Supply Chain Technology Inside the Modern Warehouse: Highlights from the DC Metrics Study
The 15th Annual DC Metrics study was unveiled this spring, and industry concerns about capacity, accuracy, throughput, and labor costs once again highlighted the role that advanced supply chain technology can play in the modern warehouse.
Findings from the annual study conducted among DC Velocity readers and members of the Warehousing Education and Research Council (WERC) provide insight into what values and metrics are moving to the forefront, what has changed over time, and how supply chain technology is ushering in the new world of modern warehousing.
Growth of E-commerce Drives Direct-to-Consumer Shipping
As a greater percentage of businesses ship directly to customers, the need to pick at the item or sub-case level vs. case, partial pallet, or pallet level is increasing. In this year’s data, broken-case picking was cited as the most common scenario (37.2%) when respondents were asked how orders were picked in their facilities.
That type of picking requires technology in order to ensure efficiency and accuracy, and there is still room for improvement. Cart-based picking has grown by ten percentage points over the past decade, while voice-directed picking has grown from 7% penetration in 2008 to 25.8% today. Surprisingly, RF scanners/barcode scanning only stands at 76% in 2018, far from saturation level. For DCs that want to stay competitive in the e-commerce space, these supply chain technology investments will be critical.
Classic Metrics Slip in Rankings
The growth of e-commerce is also affecting which metrics warehouse operators consider the most important. Measuring on-time shipments is crucial for warehouse efficiency, but for the second straight year, this metric fell in rankings, coming in fifth in importance for the 2018 study. (It ranked first in 2016.)
Average warehouse capacity used ranked as the top metric this year and peak warehouse capacity used came in at #3, likely because of the astounding influx of orders is pushing modern warehousing to limits. How facilities use their space is critical.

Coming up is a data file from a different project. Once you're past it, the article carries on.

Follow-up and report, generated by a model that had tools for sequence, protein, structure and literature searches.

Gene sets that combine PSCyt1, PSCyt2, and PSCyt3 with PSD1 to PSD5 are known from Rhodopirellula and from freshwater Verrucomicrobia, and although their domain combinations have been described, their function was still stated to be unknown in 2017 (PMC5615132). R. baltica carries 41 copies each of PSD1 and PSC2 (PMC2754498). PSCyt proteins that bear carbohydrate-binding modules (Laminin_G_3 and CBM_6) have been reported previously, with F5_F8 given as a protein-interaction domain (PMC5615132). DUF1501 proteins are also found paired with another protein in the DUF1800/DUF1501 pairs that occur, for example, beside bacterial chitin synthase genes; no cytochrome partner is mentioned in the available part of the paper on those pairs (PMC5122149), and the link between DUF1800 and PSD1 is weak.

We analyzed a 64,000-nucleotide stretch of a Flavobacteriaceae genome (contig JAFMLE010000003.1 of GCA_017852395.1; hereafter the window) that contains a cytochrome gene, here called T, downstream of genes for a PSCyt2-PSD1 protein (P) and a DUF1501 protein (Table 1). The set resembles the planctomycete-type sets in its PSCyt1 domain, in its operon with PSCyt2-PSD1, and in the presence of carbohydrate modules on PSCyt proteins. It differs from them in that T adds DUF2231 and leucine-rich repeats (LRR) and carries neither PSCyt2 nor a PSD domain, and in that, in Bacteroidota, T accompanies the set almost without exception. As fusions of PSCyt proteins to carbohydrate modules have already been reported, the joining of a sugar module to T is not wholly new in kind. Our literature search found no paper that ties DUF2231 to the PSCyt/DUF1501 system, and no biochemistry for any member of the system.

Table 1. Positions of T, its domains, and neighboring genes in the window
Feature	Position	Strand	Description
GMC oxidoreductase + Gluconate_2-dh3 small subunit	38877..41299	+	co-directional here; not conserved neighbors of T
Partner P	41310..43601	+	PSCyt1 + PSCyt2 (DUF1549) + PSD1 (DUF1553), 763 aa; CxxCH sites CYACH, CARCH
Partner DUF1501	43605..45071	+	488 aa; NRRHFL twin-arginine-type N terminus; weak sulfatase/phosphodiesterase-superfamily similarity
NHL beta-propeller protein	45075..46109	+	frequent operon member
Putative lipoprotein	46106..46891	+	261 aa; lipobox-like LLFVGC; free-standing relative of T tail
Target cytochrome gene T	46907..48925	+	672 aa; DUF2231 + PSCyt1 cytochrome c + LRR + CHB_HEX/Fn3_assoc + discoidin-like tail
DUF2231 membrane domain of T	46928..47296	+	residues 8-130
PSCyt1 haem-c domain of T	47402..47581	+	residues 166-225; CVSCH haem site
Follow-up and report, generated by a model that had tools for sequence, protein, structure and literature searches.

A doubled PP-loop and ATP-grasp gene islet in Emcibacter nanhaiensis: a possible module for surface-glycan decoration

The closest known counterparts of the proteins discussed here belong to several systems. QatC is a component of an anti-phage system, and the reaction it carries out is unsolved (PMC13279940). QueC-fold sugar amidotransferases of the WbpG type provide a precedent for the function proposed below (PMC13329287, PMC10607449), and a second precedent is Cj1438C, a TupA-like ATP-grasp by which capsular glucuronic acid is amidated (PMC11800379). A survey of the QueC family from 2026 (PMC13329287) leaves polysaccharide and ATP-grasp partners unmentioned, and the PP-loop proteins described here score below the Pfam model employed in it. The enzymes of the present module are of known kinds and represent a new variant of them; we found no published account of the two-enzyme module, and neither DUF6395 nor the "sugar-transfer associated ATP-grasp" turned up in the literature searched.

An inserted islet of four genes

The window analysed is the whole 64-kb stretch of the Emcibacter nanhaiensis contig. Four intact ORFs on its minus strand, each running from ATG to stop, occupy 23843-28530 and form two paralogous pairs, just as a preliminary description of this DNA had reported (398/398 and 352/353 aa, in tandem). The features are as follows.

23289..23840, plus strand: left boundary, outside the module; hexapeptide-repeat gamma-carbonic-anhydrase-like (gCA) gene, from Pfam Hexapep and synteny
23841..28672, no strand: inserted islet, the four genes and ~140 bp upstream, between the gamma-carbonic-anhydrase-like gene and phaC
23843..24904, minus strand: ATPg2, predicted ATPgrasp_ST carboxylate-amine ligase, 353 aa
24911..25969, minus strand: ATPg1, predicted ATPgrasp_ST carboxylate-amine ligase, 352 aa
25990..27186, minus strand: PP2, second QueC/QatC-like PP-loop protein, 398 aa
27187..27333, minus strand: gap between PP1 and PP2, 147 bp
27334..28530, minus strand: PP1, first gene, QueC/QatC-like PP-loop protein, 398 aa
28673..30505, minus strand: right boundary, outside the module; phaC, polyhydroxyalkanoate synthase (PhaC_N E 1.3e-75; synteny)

Order picking accuracy was the second-most commonly used metric this year. Warehouses place increasing importance on meeting consumer expectations for orders delivered correctly the first time, again driven by customer experiences with big e-commerce sites like Amazon.
With these priorities in mind, device manufacturers upgrading supply chain technology to deliver greater efficiency and accuracy. The Honeywell 8680i Ring Scanner, for example, can enhance accuracy and productivity by enabling faster picking/scanning operations.
Increasing Importance On Labor-Focused Metrics
The supply chain faces a two-pronged labor challenge. There is an overall shortage of skilled workers in many regions, and experienced staff are retiring at an increasing rate – and taking their knowledge with them. According to the DC Metrics study, warehouses and distribution centers are hyper focused on the workforce and measuring:
- Contract employees to total work force
- Overtime to total hours
- Part-time work force to total work force
- Cross-trained percentage
- Annual work-force turnover
These metrics can provide crucial insight into a rapidly changing workforce and how to relieve the strain (and cost) of handling the workload for both inbound and outbound processes.
With a changing workforce in mind, mobile devices are also evolving. These new devices are easier to use, can reduce the training required for new employees, and help staff quickly access the data they need to do their jobs. The Honeywell CT60, for example, has a handle/pistol grip accessory for more scan-intensive applications, while the Honeywell CN80 provides a touchscreen display and familiar Android interface.
Supply Chain Technology Propels the World of Modern Warehousing
Over the past 10 years, warehouses and distribution centers have adopted many technologies and tools. However, even the most widely used tools, like warehouse management systems (WMS) and RF scanners have not penetrated every DC. In fact, just 65% of respondents are using a WMS, and even fewer (30.2%) are using a transportation management system.
Digital supply chain technologies will help bring productivity, efficiency, and profitability to businesses, but getting upper management to make those investments will require warehouse managers to make a convincing case for their return on investment (ROI). The experts at Miles Data can help warehouses and distribution centers implement the right technology to address challenges related to a shrinking workforce and increased consumer demand, while generating a tangible ROI.
Don’t fall behind your competition by working with outdated, fragmented technology. Miles Data not only provides hardware and software solutions for your challenges, but implementation strategies for improvement. Through careful examination and consideration of your workflows and functions we help you find the best solution for both today and in the future.